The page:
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The International Energy Agency, the Intergovernmental Panel on Climate Change, the World Health Organisation, the UN secretary general and the Government’s net-zero champion Chris Skidmore have said that new oil and gas development must stop.

Friends of the Earth’s head of climate, Jamie Peters, praised Labour’s decision saying: “This is what real climate leadership should look like.

“Stopping new fossil fuel developments and investing in energy efficiency will release us from our reliance on expensive and volatile gas and oil, slash emissions, boost the economy, create hundreds of thousands of new jobs, increase energy security and help bring down our energy bills.

“It’s time to build a clean, healthy and prosperous future by saying no to new coal, gas and oil.”

Countries around the world, including the UK, agreed to limit global temperature rise to 1.5C above pre-industrial levels in the Paris Agreement.

Overshooting this could trigger irreversible and catastrophic warming outside human control, which could lead to glaciers melting, destruction of the rainforests and mass death of marine life, scientists have warned.

Climate and net zero minister Graham Stuart has said developing new North Sea oil and gas would be more environmentally friendly than importing it as it would save emissions on shipping and that new oil and gas projects would be approved only if they adhere to the Paris Agreement targets.

Academics and campaigners are concerned that Rosebank – capable of producing around 500 million barrels of oil – will soon be approved for development.

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Offshore Energies UK, which represents North Sea oil and gas companies, called Labour’s plans “simplistic” and wants it to “listen to the industry”.

Tessa Khan, executive director of Uplift, said: “Labour have clearly looked below the surface and seen that new North Sea drilling is a terrible deal for the UK public.

“It won’t lower energy bills because the companies that own the oil and gas either export it or sell it back to us for enormous profit, and we’re giving oil and gas companies billions in subsidies at a time they’re making record profits.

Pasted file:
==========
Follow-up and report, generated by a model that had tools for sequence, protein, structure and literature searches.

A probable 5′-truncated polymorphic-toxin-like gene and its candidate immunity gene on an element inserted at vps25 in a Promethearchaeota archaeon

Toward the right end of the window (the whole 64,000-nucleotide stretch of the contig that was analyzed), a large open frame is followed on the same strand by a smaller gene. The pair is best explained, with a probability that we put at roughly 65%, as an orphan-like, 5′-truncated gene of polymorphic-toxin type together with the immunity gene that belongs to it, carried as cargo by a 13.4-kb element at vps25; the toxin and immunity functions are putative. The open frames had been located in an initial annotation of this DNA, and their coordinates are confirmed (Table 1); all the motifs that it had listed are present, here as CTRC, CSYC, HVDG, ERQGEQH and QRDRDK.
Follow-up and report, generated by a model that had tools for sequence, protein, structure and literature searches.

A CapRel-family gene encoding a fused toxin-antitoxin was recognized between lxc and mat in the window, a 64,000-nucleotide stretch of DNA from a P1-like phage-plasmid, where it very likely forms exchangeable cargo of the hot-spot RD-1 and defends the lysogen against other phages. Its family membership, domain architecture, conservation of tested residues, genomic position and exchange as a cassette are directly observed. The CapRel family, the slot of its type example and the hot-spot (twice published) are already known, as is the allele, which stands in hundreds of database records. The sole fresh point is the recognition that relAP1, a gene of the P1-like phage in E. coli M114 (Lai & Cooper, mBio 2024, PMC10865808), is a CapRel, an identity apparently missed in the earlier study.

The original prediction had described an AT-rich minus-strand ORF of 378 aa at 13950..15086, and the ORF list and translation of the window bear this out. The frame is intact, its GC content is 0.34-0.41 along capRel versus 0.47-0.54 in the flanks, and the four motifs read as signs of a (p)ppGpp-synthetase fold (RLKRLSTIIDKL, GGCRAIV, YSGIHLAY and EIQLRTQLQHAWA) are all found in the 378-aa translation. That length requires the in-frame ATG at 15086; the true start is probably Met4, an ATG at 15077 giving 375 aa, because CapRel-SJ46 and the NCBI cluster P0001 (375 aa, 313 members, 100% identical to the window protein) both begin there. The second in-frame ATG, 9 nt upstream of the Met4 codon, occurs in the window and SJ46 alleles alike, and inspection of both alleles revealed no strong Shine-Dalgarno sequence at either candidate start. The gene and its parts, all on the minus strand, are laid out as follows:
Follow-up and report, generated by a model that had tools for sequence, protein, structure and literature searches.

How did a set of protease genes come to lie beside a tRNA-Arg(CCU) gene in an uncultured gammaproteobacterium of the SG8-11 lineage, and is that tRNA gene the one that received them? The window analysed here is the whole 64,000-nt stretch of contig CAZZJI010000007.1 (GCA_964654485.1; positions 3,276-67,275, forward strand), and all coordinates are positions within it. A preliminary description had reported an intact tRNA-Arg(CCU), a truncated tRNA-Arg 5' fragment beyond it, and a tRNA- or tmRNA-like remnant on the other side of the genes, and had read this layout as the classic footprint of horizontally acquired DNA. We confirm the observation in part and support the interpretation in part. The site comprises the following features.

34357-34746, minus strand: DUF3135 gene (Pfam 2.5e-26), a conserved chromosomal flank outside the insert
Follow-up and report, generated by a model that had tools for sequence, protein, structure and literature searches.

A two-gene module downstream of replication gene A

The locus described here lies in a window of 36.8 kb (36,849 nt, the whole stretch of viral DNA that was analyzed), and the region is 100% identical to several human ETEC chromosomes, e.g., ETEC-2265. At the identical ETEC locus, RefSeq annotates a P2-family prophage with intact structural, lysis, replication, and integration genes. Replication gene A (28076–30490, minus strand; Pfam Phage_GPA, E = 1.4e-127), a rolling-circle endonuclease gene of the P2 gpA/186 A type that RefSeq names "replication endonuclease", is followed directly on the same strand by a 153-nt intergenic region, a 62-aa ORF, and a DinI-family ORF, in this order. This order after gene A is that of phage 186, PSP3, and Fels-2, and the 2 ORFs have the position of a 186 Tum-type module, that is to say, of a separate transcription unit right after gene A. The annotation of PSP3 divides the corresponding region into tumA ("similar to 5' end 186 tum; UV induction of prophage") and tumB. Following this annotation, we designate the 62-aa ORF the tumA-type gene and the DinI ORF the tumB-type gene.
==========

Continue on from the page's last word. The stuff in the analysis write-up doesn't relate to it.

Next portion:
“Countless scientists have also made it clear that any new oil and gas fields will mean we blow past safe climate limits, so focusing on renewable energy rather than doubling down on oil and gas production is the obvious solution to our energy affordability crisis and the climate crisis.

“At a time when a record number of oil and gas workers are also going on strike, it’s clear this isn’t an industry that provides the sustainable, decent jobs we need either.”

Monday saw Labour’s Shadow Business Secretary Jonathan Reynolds insist the party was not “for revoking or turning off existing extraction”.

Speaking at the Scottish Council for Development and Industry in Edinburgh, he said: “Existing oil and gas fields will run until 2050 - it is not about turning it off overnight.

“But the reason we should have no further exploration is to reduce bills and avoid a climate disaster.

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“The only way to secure better energy security and better value for money is to transition away from oil and gas.

“There are 20,000 people directly employed in the North Sea and it is important politicians get the message - opportunities in green energy are greatly in excess of this.

“The workforce needs these opportunities to open up.”